How’s this for a change of pace? While the NFL and NBA are embroiled in labor disputes that threaten their upcoming seasons, NHL clubs are gearing up to spend more money on salaries than they have since a lockout canceled a full campaign 6 years ago.
Harmony exists in hockey – at least for one more season – and the 30 teams will be living with a salary cap that is at its highest level since it was created. They can start shopping today when the free-agent season kicks off.
While not everyone will spend up to the $64.3 million cap, a $4.9 million increase over last season, each club will have to reach the minimum payroll of $48.3 million. That figure is $9.3 million higher than the original ceiling established after the seasonlong lockout in 2005.
“Lots of teams have lots of money to spend because the cap went up, which meant the floor went up,” Washington Capitals general manager George McPhee said. “Teams with money are going to have to spend, and the teams trying to get to the floor are going to have to spend. So somebody is going to spend too much money on free agents and I’m glad it’s not going to be us, because we’re in pretty good shape at this point.”
Dallas Stars center Brad Richards appears to be the rare gem in a free-agent class that contains many familiar names, but not a lot of elite talent.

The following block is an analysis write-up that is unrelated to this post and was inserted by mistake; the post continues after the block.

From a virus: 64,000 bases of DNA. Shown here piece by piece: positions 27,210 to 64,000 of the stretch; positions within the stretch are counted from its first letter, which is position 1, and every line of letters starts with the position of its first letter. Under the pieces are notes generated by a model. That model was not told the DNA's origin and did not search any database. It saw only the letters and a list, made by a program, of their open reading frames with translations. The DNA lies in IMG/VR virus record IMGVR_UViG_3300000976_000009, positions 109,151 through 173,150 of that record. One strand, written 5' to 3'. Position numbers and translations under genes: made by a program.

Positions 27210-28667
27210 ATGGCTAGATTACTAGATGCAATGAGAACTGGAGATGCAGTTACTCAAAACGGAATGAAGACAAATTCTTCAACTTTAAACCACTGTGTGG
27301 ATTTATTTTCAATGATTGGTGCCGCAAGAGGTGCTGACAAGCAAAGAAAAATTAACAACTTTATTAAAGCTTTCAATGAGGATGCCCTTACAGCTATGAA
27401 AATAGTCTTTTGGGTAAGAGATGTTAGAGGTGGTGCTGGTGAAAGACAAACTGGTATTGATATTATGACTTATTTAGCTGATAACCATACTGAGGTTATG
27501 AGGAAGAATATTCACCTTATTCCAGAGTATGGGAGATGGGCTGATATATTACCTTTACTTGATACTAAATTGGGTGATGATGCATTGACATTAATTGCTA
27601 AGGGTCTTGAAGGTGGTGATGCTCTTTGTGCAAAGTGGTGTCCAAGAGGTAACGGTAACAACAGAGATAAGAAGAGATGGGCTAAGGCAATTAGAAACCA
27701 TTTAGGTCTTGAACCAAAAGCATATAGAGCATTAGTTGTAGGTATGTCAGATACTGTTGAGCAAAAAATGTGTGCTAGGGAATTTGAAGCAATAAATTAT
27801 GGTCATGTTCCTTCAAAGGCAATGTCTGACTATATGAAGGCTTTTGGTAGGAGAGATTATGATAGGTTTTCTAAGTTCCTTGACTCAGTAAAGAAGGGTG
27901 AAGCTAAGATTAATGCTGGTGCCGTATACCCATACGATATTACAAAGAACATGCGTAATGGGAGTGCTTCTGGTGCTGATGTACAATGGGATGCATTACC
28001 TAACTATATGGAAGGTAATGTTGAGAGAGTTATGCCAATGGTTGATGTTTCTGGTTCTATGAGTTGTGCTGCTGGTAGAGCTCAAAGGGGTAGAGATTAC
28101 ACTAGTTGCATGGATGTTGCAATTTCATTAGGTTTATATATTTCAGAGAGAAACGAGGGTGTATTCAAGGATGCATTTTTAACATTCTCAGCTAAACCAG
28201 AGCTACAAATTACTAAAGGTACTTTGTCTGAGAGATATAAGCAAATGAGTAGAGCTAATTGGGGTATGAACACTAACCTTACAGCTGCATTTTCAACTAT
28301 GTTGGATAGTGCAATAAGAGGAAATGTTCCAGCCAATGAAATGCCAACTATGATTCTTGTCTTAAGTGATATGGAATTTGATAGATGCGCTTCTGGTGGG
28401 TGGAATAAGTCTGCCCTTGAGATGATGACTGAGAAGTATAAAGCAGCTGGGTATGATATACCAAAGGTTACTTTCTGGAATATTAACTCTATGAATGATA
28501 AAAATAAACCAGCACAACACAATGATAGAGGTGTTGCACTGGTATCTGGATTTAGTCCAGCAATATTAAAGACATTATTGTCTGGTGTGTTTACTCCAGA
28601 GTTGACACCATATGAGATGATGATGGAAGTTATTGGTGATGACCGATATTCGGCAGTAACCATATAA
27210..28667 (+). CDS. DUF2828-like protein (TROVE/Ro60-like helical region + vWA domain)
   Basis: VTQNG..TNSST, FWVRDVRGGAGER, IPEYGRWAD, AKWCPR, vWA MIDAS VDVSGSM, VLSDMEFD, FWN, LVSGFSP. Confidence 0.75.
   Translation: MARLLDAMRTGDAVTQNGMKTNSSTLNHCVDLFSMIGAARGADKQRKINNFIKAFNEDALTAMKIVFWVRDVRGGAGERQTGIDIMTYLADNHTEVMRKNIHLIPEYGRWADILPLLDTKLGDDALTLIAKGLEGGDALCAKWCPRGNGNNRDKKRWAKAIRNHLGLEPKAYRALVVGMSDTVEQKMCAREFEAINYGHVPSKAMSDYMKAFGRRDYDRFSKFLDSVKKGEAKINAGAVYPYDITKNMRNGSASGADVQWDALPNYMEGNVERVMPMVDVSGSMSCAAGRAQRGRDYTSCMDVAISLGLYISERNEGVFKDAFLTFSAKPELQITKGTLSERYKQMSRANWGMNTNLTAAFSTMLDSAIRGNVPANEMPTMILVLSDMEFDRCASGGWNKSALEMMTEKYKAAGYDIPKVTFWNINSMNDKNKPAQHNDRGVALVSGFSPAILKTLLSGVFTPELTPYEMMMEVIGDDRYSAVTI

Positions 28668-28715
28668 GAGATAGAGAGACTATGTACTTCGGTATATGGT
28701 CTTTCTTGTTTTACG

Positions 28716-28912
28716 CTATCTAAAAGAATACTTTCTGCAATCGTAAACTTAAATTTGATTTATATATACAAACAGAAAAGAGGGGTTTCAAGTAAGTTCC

The New York Rangers have long coveted Richards, who would give them the playmaking center they have been searching for and someone to quarterback an often stagnant power play. His familiarity with Rangers coach John Tortorella, who coached Richards when they won the Stanley Cup together with the Tampa Bay Lightning, makes this appear to be a natural fit.
* The Colorado Avalanche will retire Peter Forsberg’s number before the season opener on Oct. 8 against the Detroit Red Wings.
Forsberg’s number (21) will join those of Patrick Roy (33), Joe Sakic (19) and Ray Bourque (77) in the rafters at Pepsi Center.
The former NHL MVP attempted a comeback with the Avalanche last season, but pulled the plug on his career after a two-game audition because of a chronic foot ailment.
Forsberg, who played 1 1/2 seasons with the Flyers late in his career, helped the Avalanche to Stanley Cup titles in 1996 and 2001.